How the Facebook PrestaShop Module Facilitates Credit Card Theft – A Quick Look

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How the Facebook PrestaShop Module Facilitates Credit Card Theft – A Quick Look

In the ever-evolving landscape of cyber threats, a critical vulnerability has emerged, targeting e-commerce sites powered by PrestaShop. The exploit, which centers around a popular module called “Facebook” (pkfacebook) by Promokit.eu, poses a significant risk to both online retailers and their customers. Let’s delve into the details.

PrestaShop

The Vulnerability in Facebook PrestaShop Module

The vulnerability, identified as CVE-2024-36680, resides within the facebookConnect.php script of the Facebook module. Cybercriminals can exploit this flaw by sending specially crafted HTTP requests, allowing them to inject malicious SQL code directly into the website’s database. The consequences are dire: unauthorized access to sensitive data, including customer information, payment details, and even administrative credentials.

How Attackers Exploit Facebook PrestaShop Module

Malicious actors are actively leveraging this vulnerability to deploy web skimmers—malicious scripts designed to steal credit card information during the checkout process. The implications are clear: financial fraud and identity theft loom large for unsuspecting customers.

Proof of Concept

A simple proof-of-concept (PoC) demonstrates the exploitability of CVE-2024-36680. Consider the following curl command:

curl -v "[^1^][1]";select(0x73656C65637420736C656570283432293B)INTO@a;prepare`b`from@a;execute`b`;--&email=test@test.fr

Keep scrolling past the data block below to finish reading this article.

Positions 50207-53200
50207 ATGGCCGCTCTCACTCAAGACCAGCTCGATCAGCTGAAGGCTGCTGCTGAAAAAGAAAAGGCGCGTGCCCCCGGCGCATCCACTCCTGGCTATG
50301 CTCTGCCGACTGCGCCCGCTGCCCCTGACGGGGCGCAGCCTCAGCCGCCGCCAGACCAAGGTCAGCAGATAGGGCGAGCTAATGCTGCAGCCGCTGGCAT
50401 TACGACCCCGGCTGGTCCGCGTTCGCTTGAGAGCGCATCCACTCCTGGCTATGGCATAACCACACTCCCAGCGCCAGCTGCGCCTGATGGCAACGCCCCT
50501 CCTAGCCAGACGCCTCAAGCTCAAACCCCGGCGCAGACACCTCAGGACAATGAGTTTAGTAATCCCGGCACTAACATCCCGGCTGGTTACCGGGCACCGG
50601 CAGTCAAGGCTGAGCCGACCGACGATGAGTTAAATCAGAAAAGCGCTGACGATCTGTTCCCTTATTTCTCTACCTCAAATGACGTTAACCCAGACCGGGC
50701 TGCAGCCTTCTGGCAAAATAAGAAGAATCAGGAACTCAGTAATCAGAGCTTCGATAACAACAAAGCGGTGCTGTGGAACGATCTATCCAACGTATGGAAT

This command showcases how an attacker can forge a SQL injection to manipulate the database.

Mitigation Strategies

As responsible website owners, here are steps you can take to safeguard your e-commerce platform:

  1. Upgrade Immediately: Update to the latest version of the pkfacebook module. However, bear in mind that this alone may not fully protect against all SQL injection attacks.
  2. Disable Multiquery Executions: Upgrading PrestaShop will disable multiquery executions, reducing the attack surface but not eliminating it entirely.
  3. Change Database Prefix: Consider changing the default database prefix to a longer, arbitrary one—an additional layer of security, though not foolproof.
  4. Activate WAF Rules: Enable OWASP 942’s rules on your Web Application Firewall (WAF) to help guard against SQL injection attacks. Configure bypasses for legitimate traffic to avoid disrupting your website’s functionality.

Conclusion

In the battle against cyber threats, vigilance and proactive measures are our best allies. By addressing this vulnerability promptly, we can protect both our businesses and the trust of our valued customers. Stay secure, stay informed, and keep your e-commerce site shielded from harm.


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